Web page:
Are there any exceptions to this strategy?

Absolutely. If there is a way to tie your clients or brand to the election then some targeted outreach could be in order. Perhaps it’s an app that helps with finding voting locations or detects when someone is lying during a debate (the latter we literally did during the last election). But PR professionals should tread carefully here. Stretching the functionality of a product or service to simply come up with a cheeky pitch —  with no real connection to the election — can leave a bad taste in journalists’ inboxes.

When do you foresee things getting back to normal or settling down?

The first week of December should be a bit more relaxed as whatever will happen will begin to sink in, and folks will attempt to return to whatever “normalcy” means these days. As we’ve discovered with a global pandemic, the populace yearns for a sense of “business as usual” (and against the best advice, returns to it as best they can). The same will be with journalists, exhausted by the political cycle, hunting their inboxes for stories of new apps or products.

What should PR professionals be doing in the meantime, as things settle down?

The news cycle, while neverending, will hopefully have enough holes in it by the time December rolls around. Take this time to tighten up releases and build out long-term strategies, or work on your own website or client materials. While there is always some sort of unpredictability in the marketplace, this election one is obvious, loud, and intrusive so take advantage of whatever moments of calm may appear. Such as the time between the end of Thanksgiving and the beginning of Christmas, where there is a small window of time to push your releases.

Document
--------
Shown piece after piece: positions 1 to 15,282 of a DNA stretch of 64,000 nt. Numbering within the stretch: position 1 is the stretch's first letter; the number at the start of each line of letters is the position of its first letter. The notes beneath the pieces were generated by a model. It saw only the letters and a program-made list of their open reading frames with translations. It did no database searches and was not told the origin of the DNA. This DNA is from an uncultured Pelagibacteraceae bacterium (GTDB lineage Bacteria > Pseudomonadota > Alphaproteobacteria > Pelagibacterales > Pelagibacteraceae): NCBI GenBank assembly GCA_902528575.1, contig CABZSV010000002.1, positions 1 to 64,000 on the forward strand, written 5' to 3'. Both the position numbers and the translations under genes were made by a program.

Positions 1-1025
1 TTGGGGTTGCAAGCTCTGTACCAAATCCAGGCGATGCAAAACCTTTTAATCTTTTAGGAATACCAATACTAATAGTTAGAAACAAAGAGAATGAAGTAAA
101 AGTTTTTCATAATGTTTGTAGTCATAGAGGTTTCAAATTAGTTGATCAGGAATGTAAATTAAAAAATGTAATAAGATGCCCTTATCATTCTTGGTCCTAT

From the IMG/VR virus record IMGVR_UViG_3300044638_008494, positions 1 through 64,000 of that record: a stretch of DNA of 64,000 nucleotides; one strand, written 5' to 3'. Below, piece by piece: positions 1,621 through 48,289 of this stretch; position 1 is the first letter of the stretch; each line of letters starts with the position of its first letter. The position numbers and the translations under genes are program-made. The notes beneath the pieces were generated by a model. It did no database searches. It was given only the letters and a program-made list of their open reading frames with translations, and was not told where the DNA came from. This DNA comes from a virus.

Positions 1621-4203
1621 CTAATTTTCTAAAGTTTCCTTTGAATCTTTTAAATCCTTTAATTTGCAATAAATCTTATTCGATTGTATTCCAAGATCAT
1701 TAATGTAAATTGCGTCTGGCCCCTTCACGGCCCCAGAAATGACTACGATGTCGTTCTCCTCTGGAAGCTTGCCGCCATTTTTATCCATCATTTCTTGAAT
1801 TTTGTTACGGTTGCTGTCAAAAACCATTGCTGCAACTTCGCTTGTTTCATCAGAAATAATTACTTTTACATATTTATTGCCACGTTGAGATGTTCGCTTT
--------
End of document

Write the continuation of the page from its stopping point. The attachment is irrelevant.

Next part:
So use this time between election day and that sweet spot between Thanksgiving and Christmas to do some housekeeping. With all the chaos in the world, you may as well make sure there is none within your walls. Communicate frequently with your clients, reminding them that you are still working for them regardless of the world outside. Take the time to strategize and brainstorm together for the upcoming months, taking into consideration all possible scenarios.

Do you have any final thoughts or words of wisdom to pass on to readers?

Our main responsibility should be to our clients and making sure that their projects and initiatives get the attention they deserve. There will always be something going on in the world that will provide a distraction to journalists and consumers. It’s our job to appropriately navigate that distraction. There is no doubt that across many industries, the next few weeks are going to have ripple effects that could be felt for a long time, PR is no different.

There is still a chance that come election day, everything will happen as it should be, calm and orderly, just like there’s a chance that Elon Musk will kill it at doing his own PR. Regardless of what happens though, we do know that we have an obligation to our clients to be at the ready, for whatever happens. We can’t always plan for chaos, but we can definitely plan around it.